Hofschneider opposes USFWS’ status review of Tinian monarch


Sen. Jude U. Hofschneider (R-Tinian) has written to federal officials to oppose the status review of the Tinian monarch, citing steps the CNMI agencies are taking to translocate and grow the population of this native and rare bird species on Tinian.

The U.S. Fish and Wildlife Service announced the status review of the Tinian monarch in September. The announcement came two years after a petition filed by the Center of Biological Diversity to protect the bird with endangered status in 2013.

In a Nov. 3 letter to Robyn Thorson, Pacific Regional director of the Service, Hofschneider states that this is fully aware that the Service’s review of the petition found status review warranted, but that a January 2014 letter to the petitioner found that the petition did not warrant an “emergency listing.”

“Since the issuance of the petition by the Center of Biological Diversity, biologists from our Commonwealth of the Northern Marianas’ Fish and Wildlife agency headed by the CNMI Department of Lands and Natural Resources have worked arduously to address the issue of the Tinian monarch,” he said.

He said the CNMI agency is taking proactive steps by conducting translocations of the Tinian monarch to neighboring islands north of the CNMI, citing the 49 Tinian monarchs the agency has translocated to the island of Guiguan, which is an island that consists of a forest area of 170.3 hectares.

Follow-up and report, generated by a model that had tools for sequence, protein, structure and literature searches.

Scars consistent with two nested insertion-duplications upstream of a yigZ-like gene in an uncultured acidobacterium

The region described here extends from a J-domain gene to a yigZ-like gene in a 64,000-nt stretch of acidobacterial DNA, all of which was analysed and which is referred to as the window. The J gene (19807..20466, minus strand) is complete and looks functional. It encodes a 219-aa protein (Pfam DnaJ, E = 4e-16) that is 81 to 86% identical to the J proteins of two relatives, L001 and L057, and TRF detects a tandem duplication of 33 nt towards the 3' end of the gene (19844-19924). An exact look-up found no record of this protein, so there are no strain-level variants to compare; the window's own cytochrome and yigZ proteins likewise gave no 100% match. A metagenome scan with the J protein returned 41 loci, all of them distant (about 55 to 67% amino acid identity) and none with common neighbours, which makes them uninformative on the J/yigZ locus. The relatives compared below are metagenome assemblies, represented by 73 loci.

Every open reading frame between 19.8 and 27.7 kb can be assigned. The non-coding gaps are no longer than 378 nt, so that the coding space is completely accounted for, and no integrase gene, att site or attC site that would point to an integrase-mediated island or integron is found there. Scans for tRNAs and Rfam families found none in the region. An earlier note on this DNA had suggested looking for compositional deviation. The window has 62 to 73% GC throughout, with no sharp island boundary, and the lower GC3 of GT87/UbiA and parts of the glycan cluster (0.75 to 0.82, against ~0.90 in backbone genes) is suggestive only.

Hofschneider said the CNMI Fish and Wildlife Agency plans to translocate another 50 Tinian monarchs within the next year and has created an action plan that proposes to keep translocating more Tinian monarchs to the islands of Agrihan and Pagan.

Hofschneider also notes that a “Terrestrial Biological Resources Survey Report” in July 2014 revealed that there is a steady increase of the population of the Tinian monarch bird species.

Hofschneider explains that the survey shows a population increase of 34,329 in a span of five years, from a population of 56,305 in 2008, to a spike of 90,634 in 2013.

He said this is clear evidence of a “natural phenomenon taking place showing positive signs of population growth for the Tinian monarch.”

“In conclusion,…it is not necessary to list the Tinian monarch as a threatened or endangered species.”

Dennis B. Chan | Reporter
Dennis Chan covers education, environment, utilities, and air and seaport issues in the CNMI. He graduated with a degree in English Literature from the University of Guam. Contact him at dennis_chan@saipantribune.com.

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